Called “Unlocking APAC’s Digital Potential: Changing Digital Skill Needs and Policy Approaches”, the report was based on research conducted by surveying 500 Indian digital workers.
Business leaders said that India played a key role as the global exporter of specialised digital expertise.
Digital workers in India: In order to keep up with the scale of technological advancements across all sectors, India would need to have a minimum of nine times the number of digital workers in 2025 than it has currently. These are the findings of a report commissioned by Amazon Web Services (AWS), which states that only 12% of India’s total workforce today are digital workers. On the other hand, only 5% of the total workforce in India applies advanced digital skills. However, if only digital workers are looked at, then the report found that 7 out of 10 digital workers in India applied advanced digital skills, which was the highest among the six countries the research studied.
The report also found that in order to keep up with technological advancements, an average Indian worker would need to develop seven new skills by then. Called “Unlocking APAC’s Digital Potential: Changing Digital Skill Needs and Policy Approaches”, the report was based on research conducted by surveying 500 Indian digital workers, along with industry experts, policy makers as well as business leaders. It studied six countries of the APAC region – India, Japan, Australia, Singapore, Indonesia, and South Korea.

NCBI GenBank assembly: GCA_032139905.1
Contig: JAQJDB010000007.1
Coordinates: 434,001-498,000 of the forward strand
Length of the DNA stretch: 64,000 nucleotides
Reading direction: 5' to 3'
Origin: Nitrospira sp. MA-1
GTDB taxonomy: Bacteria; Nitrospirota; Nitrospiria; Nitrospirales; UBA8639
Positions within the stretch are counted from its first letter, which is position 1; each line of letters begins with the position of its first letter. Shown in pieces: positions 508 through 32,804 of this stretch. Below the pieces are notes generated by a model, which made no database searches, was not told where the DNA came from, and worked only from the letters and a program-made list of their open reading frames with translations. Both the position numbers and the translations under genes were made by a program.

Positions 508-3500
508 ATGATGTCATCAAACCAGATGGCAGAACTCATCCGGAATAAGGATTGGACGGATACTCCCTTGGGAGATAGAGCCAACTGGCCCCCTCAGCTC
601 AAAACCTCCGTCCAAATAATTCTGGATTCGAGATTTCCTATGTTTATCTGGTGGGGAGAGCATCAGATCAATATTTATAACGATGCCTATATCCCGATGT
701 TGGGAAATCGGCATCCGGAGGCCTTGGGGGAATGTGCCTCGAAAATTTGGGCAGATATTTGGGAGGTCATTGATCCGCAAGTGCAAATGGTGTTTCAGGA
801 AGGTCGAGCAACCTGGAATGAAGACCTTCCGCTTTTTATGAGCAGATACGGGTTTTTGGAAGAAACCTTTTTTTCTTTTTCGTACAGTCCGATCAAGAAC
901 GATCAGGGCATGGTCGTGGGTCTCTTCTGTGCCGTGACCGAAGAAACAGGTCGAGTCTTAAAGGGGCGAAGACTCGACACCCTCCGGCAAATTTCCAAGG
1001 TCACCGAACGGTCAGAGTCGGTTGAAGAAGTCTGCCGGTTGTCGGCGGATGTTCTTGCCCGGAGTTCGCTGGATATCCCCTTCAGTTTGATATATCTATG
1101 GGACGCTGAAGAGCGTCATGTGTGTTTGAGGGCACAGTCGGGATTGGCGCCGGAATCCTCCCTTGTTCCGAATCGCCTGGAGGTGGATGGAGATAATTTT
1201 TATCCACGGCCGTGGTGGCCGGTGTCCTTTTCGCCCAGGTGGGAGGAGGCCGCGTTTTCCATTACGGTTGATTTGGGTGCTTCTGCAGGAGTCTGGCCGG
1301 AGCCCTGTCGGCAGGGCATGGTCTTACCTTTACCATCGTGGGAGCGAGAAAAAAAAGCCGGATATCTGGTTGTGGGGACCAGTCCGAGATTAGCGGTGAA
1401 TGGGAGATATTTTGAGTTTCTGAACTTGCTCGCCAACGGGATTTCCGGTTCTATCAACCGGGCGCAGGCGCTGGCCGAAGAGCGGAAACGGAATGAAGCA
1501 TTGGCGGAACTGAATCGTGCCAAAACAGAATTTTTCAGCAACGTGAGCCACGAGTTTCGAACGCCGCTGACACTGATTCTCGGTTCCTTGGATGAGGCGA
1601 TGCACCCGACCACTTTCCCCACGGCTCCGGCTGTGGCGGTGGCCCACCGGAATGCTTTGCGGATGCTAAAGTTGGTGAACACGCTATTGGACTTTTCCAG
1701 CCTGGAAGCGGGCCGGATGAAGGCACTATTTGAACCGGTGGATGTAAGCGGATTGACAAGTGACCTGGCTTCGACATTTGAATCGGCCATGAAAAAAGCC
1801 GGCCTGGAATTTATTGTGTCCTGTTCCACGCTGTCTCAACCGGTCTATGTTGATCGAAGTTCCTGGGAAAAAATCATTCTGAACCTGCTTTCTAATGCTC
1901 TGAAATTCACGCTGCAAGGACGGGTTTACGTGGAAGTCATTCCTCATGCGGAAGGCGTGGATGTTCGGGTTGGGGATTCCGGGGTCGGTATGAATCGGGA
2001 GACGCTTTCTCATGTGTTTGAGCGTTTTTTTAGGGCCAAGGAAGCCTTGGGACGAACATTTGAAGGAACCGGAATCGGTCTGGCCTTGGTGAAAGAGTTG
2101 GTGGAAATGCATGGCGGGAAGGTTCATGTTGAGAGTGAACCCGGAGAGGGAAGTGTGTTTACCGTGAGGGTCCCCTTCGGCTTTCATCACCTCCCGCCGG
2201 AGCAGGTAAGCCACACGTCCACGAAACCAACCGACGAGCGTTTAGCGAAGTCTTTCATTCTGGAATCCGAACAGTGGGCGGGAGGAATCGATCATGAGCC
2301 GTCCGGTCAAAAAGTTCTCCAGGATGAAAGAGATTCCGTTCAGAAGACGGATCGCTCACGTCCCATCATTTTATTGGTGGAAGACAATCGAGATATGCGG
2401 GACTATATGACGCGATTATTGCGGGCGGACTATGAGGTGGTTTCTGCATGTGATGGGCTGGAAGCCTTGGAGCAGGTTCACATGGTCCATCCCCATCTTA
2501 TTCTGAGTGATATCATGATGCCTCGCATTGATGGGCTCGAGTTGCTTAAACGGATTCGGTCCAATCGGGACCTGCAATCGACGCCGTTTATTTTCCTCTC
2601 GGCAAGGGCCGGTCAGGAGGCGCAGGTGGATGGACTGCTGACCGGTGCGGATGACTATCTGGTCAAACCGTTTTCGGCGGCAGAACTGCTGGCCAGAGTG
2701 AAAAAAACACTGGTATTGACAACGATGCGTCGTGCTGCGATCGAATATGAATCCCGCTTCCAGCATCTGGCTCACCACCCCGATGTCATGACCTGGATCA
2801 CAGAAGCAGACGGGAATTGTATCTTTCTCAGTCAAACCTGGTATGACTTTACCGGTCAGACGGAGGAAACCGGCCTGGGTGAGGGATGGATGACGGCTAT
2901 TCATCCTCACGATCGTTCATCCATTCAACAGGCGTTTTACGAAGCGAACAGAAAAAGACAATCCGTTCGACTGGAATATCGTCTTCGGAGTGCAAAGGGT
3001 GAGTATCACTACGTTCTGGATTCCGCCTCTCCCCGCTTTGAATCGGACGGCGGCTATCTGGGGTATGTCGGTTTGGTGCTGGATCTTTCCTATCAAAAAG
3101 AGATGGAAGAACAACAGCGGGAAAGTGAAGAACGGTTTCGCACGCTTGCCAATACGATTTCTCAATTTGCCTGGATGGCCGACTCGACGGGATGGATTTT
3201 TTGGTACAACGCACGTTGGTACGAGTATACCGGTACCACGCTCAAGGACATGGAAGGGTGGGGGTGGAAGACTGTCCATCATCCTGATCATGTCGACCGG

It projected that the country would witness an annual growth of 34% between 2020 and 2025 in terms of workers requiring cloud architecture design skills, and stated that this is the highest growth seen across all sectors. Apart from that, workers in the manufacturing sector also believed that they would need to develop cloud architecture design skills by 2025.
It found that a cumulative of 5.7 billion digital skill trainings would be needed across all six countries for the workforce to be upskilled at pace with the advancements in technology. Of these, 3.9 billion digital skill trainings would be needed for India alone, the report said.
Business leaders said that India played a key role as the global exporter of specialised digital expertise. This, they said, meant that workers in India had more specialised skills. On the other hand, high-income countries had either larger technology firms or companies dealing with end users, which would require their workers to have more generic and blanket knowledge rather than specialised expertise.
Another key finding of the report was that digital workers would be needed in order to transform sectors like education and manufacturing, which are essentially non-technology sectors.